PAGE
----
It is easy to start a company now, moonlighting and gig work becomes easier to manage!
The Indian Government has made it possible for you to start a company without having to find a Partner/co-founder. This is amazing, because lets face it, finding a co-founder is one of the hardest things you can do and in many cases it is the main reason that people are hesitant to start-up. As moonlighting/gig work gets more traction, registering and learning to manage a One Person Company (OPC) becomes even more important.
What is a One Person Company (OPC)?
The Govt. of India (GoI) defines a One Person Company as an entity that has only one person/shareholder in it. This makes it significantly easy to create and manage a company especially for someone who is new to creating and managing a business.
Key features of an OPC
|– Private company|
– One Director
|– Single member|
– No minimum paid-up share capital
|– Single nominee|
– No succession (In the event of death, the nominee takes over)
When do I need to register a one person company?
If you are looking to start a small business or moonlight or do gig-work in any format, it is advisable to start an OPC (Please speak to a lawyer/Chartered Accountant to identify the best option for your specific case). Setting up an OPC is a much more professional way to engage customers, pay taxes and leverage protections provided by the laws of the land.
An OPC is best for those who would like to retain full control over all business operations while enjoying limited liability and the benefits of having a corporate structure.
Differences between an OPC, sole proprietorship, and a company?
|One Person Company (OPC)||Sole Proprietorship||Company|
|– One Director, registered||– Single member, unregistered||– Minimum two Directors, registered|
|– Liabilities are restricted to the OPC||– Liabilities are associated to the member in a personal capacity`||– Liabilities are restricted to the company|
|– Compliance is less than that of a company||– Easy to setup, less compliance||– Compliance needs are high|
|– Financial statements need to be audited and submitted to ROC||– Financial statements as part of IT returns||– Financial statements need to be audited and submitted to ROC|
|– Easy to raise funding||– Hard to get/raise funding||– Comparatively easier to raise funding|
|– Taxed as a Private Company||– Taxed as an individual||– Taxed as a Private Company|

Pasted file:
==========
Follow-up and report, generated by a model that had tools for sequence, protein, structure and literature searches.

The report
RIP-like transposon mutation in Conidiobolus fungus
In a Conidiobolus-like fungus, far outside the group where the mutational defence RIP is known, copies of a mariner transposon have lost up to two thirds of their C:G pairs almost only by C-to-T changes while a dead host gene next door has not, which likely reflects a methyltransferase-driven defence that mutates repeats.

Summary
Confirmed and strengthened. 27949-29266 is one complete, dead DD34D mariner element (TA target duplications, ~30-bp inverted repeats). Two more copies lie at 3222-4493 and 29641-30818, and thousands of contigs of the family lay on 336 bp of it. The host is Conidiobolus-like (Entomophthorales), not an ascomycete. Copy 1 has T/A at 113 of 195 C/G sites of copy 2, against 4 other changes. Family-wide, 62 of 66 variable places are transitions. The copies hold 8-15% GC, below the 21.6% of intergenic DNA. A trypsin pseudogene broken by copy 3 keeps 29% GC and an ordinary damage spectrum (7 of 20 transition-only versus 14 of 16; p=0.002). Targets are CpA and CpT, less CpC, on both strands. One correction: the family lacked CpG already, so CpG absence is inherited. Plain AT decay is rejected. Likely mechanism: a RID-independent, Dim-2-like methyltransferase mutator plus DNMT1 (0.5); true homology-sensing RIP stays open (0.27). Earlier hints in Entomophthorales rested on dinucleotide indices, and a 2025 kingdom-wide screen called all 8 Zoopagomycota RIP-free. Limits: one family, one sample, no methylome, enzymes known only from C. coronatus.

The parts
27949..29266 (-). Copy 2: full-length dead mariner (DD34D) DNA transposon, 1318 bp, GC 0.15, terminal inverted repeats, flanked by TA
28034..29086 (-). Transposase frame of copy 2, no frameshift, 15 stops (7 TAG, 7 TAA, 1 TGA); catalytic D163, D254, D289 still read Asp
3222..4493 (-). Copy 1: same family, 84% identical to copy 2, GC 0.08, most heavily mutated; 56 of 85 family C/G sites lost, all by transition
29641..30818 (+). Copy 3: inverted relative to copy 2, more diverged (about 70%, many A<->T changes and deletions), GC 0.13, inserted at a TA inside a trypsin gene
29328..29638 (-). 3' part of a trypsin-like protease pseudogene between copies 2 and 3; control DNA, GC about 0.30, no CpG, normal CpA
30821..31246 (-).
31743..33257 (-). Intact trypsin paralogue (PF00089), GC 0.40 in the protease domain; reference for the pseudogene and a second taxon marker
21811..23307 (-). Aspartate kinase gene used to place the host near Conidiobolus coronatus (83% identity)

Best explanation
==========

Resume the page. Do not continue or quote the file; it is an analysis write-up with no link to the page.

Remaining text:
Liabilities – this is the most important difference between solepropreitorship and an OPC. In the case of sole proprietorship, liabilities are the personal obligation of the promoter, whereas in an OPC they are restricted to the company. Simply put, an OPC protects its member from being held personally accountable for the liabilities that it owes.
Where can I register an OPC or who do I contact?
There are a couple of ways in which you can register an OPC. The easiest being to register an OPC by creating it yourself on the Ministry of Corporate Affairs website https://www.mca.gov.in/. As a first step you will have to create a Directors Identification Number (DIN) and obtain a Digital Signature Certificate (DSC) to be able to create an OPC entity. Another option is to work with your Chartered Account or a personal lawyer to get the work done.
The easiest option though would be to work with online companies like www.startupwala.com or www.indiafilings.com. Once you sign up with them, they help you create a corporate entity and also offer legal and audit support to meet your regulatory needs. Some companies are even known to offer additional perks like GST registration, domain hosting, email accounts, etc for free, as part of the incorporation process.
What are the charges associated with starting an OPC?
The minimum charge to start an OPC in India is INR 7000. If you choose to work with a company like startupwala.com then they are known to charge approx. INR 15000. The final charge depends on the share capital and other services rendered.
These companies are known to offer discounts from time to time – so it would be wise to keep an eye out for them.
What are the ongoing needs for managing an OPC?
There are two primary requirements of having an OPC
- One meeting in each half of the year. The gap between the two meetings must be at least 90 days
- Financial statements and Annual returns audit and filing them with the ROC
For more information, please have a look at the following links
- One Person Company registration
- How Much Does it Cost to Register an OPC In India?
- Sole Proprietorship VS OPC-Comparison Between two Business Structure
- MCA’s FAQs on One Person Companies (OPCs)
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